• GAET/GAEIS shall not be issued in case the SCOMET items are used to design, develop, acquire, or manufacture, possess, transport, transfer, and or used for military applications, explosives, chemical biological, nuclear weapons, or missiles capable of delivering weapons of mass destruction and their delivery system.
    • GAET/GAEIS shall not be granted for the countries/entities covered under the UNSC embargo or sanctions list, or on assessment of proliferation concerns or national security and foreign policy consideration, etc.
    • In case of an amendment to the list of countries to the existing list of countries submitted with the application, the applicant must obtain prior permission.
    • IMWG has the right to deny the GAET/GAEIS without providing any reasons.
  • ELP Comments

    Globally recognized for its telecommunications and information security services, India’s telecommunication market is the second largest market in the world.[1] The GAET/GAEIS policy serves to bolster this sector, facilitating increased and timely exports while adhering to export control regulations. Notably, unlike the Global Authorization for Intra Company Transfer (GAICT policy), the GAET/GAEIS policy does not mandate a pre-condition regarding the relationship between the applicant and the end-user. This progressive approach aligns with the Government of India’s (GOI) objective of promoting global exports under the “AatmaNirbhar Bharat” initiative.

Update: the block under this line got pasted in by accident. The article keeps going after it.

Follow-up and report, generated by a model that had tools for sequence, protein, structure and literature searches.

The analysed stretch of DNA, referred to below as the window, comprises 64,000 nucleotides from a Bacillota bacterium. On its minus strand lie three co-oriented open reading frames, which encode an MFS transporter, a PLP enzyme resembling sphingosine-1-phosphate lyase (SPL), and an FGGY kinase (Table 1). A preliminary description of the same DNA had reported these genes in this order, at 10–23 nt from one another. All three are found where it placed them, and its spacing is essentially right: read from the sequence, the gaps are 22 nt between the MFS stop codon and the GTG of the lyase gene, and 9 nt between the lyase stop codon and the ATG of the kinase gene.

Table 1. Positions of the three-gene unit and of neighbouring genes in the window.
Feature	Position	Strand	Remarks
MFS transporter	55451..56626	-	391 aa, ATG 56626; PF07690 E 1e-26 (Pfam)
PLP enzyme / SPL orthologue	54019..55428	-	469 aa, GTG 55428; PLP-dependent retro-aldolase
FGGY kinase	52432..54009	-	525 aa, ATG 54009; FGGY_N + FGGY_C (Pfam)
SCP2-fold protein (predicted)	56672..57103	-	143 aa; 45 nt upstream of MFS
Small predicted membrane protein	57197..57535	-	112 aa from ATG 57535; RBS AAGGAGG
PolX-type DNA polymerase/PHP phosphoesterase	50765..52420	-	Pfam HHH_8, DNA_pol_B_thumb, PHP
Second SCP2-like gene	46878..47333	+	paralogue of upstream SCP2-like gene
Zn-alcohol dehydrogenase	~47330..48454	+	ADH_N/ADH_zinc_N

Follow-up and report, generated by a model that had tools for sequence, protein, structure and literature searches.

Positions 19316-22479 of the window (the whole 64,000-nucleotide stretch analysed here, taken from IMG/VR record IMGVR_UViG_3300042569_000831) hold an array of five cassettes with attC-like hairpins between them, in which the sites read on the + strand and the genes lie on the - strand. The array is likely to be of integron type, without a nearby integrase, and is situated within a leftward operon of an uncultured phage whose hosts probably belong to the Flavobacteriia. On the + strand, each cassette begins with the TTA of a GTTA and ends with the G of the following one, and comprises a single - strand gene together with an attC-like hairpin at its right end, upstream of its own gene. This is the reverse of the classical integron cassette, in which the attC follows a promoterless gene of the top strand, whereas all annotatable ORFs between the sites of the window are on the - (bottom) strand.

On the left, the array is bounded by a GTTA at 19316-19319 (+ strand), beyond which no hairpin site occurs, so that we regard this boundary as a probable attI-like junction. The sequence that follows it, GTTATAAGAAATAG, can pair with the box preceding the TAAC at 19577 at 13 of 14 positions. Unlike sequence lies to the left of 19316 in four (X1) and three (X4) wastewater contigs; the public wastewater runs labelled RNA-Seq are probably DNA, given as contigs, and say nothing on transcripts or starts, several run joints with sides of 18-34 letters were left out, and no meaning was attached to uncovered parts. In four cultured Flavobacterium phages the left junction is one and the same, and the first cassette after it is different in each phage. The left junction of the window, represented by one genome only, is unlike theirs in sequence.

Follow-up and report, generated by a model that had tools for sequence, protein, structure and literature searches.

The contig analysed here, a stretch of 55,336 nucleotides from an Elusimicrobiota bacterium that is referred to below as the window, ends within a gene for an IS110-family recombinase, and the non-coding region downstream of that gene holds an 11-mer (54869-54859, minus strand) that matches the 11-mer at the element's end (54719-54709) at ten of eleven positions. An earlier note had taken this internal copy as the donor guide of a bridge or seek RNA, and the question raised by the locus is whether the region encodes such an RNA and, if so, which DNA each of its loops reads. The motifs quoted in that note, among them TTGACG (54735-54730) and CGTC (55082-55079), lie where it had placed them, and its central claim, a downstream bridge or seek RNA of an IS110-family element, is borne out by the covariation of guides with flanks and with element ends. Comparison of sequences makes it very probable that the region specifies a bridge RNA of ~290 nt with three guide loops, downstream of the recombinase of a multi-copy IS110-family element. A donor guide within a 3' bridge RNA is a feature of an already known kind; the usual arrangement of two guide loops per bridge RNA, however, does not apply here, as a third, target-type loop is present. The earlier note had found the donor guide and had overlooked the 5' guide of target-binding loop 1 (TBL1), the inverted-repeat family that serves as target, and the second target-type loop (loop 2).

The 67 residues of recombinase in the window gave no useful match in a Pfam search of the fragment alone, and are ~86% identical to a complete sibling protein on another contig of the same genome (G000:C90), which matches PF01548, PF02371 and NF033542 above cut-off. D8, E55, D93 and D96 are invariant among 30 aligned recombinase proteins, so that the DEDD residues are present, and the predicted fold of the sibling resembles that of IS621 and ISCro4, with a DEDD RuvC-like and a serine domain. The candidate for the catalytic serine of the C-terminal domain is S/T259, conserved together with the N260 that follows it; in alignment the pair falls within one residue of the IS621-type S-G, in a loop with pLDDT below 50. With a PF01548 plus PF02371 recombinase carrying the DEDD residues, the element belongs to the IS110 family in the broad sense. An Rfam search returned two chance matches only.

That said, certain aspects require stakeholders to be vigilant in using the GAET/GAEIS:

    As part of the application process, the applicant is required to provide a list of countries to which the exporter intends to export. After obtaining the GAET/GAEIS, the said list can be amended with the approval of the DGFT. This is a departure from the pre-condition set forth under the GAICT policy (whereunder it requires that the exports should ultimately be made to a specified list of countries under the GAICT policy). While the Indian government has liberalized the number of countries to which exports can be made, it remains to be seen if the

  • References

    [1] Indian telecom industry in 2023: Setting on the pathway to global success, December 20, 2023, available at URL: https://telecom.economictimes.indiatimes.com/blog/indian-telecom-industry-in-2023-setting-on-the-pathway-to-global-success/106138904

Disclaimer: he information contained in this document is intended for informational purposes only and does not constitute legal opinion or advice. This document is not intended to address the circumstances of any individual or corporate body. Readers should not act on the information provided herein without appropriate professional advice after a thorough examination of the facts and circumstances of a situation. There can be no assurance that the judicial/quasi-judicial authorities may not take a position contrary to the views mentioned herein.